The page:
Passing the General Educational Development, or GED, is a positive step toward creating a career path. If you have dropped out of high school and want to pursue higher education, you'll most likely need this equivalency. The test itself is fairly intensive and long, so you'll need to be prepared before entering the testing room. Practicing for the test can be accomplished without formal training, but you'll need to be disciplined.
Purchase a GED preparation book or borrow one from the library. Review the introduction for helpful hints about the study habits, schedules and skills that are necessary to pass the exam. If you're committed to a study plan, go online and schedule an exam date. (See Resources.) You'll need to pay for any and all retakes, so shoot for a passing score (410 for all five tests, 450 average) on your first attempt.
Prepare a study plan. Think of your home-based preparation like a class in an academic setting. Set reachable and realistic goals regarding reading, tests, chunks of knowledge and advancement. You'll want to set aside at least 6 to 8 weeks to allow for full preparation. If you are fully employed or otherwise busy, you may want to prepare for a longer period of time. However, it's best to limit your preparation to 12 weeks, as you'll begin to lose retention after that time period.
Follow your action plan strictly. Make sure you're meeting goals, improving your test results and gaining new knowledge whenever you sit down to study. If you find you're not progressing, you may want to employ a tutor or a standardized-test expert to guide you through the process. Decide early in your preparation if you need outside help. If you wait too long, you may risk failing and having to restart the entire process.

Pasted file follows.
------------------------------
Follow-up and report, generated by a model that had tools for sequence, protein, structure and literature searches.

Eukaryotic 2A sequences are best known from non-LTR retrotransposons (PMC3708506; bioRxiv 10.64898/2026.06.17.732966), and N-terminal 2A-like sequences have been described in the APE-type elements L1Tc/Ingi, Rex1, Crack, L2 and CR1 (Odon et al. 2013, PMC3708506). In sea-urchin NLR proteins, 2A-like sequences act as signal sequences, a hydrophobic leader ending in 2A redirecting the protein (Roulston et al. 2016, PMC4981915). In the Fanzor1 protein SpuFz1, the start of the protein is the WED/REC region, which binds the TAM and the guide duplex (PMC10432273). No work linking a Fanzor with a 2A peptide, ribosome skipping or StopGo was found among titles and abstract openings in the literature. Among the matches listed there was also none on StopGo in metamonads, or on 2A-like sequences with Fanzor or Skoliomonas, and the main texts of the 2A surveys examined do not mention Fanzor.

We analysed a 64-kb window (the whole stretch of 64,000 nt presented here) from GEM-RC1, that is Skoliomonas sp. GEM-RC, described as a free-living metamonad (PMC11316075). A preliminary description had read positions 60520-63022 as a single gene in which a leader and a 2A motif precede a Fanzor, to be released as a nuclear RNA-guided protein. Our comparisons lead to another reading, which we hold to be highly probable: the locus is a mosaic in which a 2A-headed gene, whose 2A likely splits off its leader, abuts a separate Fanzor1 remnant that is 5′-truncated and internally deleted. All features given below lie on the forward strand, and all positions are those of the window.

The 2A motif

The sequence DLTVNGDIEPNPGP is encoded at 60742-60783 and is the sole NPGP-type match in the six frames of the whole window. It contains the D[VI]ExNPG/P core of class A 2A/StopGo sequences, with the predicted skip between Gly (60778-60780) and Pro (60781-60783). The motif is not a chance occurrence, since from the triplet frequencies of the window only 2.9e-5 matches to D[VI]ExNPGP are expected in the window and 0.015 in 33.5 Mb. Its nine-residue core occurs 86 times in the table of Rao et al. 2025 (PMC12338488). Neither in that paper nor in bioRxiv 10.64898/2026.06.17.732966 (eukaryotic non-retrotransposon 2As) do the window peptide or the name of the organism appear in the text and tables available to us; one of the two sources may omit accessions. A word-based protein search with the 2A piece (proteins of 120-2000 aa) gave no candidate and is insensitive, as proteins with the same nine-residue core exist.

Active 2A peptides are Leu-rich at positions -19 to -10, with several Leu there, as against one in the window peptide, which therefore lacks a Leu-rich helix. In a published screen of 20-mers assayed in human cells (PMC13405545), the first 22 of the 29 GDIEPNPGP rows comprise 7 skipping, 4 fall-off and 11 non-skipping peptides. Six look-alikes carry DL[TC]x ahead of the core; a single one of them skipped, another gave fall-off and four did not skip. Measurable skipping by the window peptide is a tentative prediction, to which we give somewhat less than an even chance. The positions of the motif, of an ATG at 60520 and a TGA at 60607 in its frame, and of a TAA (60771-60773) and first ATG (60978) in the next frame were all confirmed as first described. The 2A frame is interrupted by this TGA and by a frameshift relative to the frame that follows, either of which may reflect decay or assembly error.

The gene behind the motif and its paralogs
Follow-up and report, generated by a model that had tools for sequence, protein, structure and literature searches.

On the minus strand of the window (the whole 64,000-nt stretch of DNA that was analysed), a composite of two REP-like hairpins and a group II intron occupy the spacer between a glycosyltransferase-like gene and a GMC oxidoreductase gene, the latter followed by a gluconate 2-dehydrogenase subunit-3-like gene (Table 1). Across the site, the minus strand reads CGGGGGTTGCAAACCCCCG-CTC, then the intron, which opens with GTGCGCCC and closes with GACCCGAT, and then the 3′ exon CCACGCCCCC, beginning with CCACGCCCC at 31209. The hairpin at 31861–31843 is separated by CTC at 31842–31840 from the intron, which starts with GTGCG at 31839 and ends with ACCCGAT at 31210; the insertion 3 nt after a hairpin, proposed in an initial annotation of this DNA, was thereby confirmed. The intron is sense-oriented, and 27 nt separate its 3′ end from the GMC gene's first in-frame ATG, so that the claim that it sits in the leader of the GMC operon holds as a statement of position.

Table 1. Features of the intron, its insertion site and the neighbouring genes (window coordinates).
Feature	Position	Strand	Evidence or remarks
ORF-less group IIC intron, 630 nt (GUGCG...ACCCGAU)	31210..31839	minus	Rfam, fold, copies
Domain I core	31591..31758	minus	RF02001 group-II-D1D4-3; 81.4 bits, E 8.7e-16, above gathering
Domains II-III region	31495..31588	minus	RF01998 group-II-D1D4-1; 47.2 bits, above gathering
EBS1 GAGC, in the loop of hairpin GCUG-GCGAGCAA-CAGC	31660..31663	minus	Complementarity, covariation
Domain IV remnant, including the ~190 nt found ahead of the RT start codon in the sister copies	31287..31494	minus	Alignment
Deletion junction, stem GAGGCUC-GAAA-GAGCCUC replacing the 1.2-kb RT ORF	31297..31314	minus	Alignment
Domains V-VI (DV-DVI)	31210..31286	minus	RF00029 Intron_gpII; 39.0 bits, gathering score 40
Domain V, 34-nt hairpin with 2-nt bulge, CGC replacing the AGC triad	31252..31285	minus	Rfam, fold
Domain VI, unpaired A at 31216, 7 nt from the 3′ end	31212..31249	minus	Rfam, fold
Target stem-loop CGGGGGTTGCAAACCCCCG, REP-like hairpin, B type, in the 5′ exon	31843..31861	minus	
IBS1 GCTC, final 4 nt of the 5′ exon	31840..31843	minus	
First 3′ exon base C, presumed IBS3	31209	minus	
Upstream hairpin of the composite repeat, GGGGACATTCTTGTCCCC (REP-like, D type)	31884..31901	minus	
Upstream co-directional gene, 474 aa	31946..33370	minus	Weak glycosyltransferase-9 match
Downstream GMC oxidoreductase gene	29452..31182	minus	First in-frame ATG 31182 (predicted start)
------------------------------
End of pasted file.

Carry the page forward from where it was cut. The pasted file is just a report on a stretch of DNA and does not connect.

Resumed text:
Use a space in your home that is quiet, relaxing and conducive to focused work. Turn off your cell phone and computer and inform your friends, family and any roommates of your study times, so you can ensure comfortable and uninterrupted study sessions. Reward yourself for completing sections or improving on practice tests. Set SMART goals: Specific, Measurable, Attainable, Realistic and Timely. Do not set wild goals to make up for time lost--simply start where you left off and work diligently going forward.
Take at least four full practice GED tests before entering the official test. You'll want to be fully prepared for intensity of the long test, and for the wherewithal required to complete a marathon standardized test. Time yourself and figure out your weak areas. Take special care to review problem areas. Arrive at least 30 minutes early for your official exam; show up well-rested and with all required documents and test materials.
Based in Eugene, Ore., Duncan Jenkins has been writing finance-related articles since 2008. His specialties include personal finance advice, mortgage/equity loans and credit management. Jenkins obtained his bachelor's degree in English from Clark University.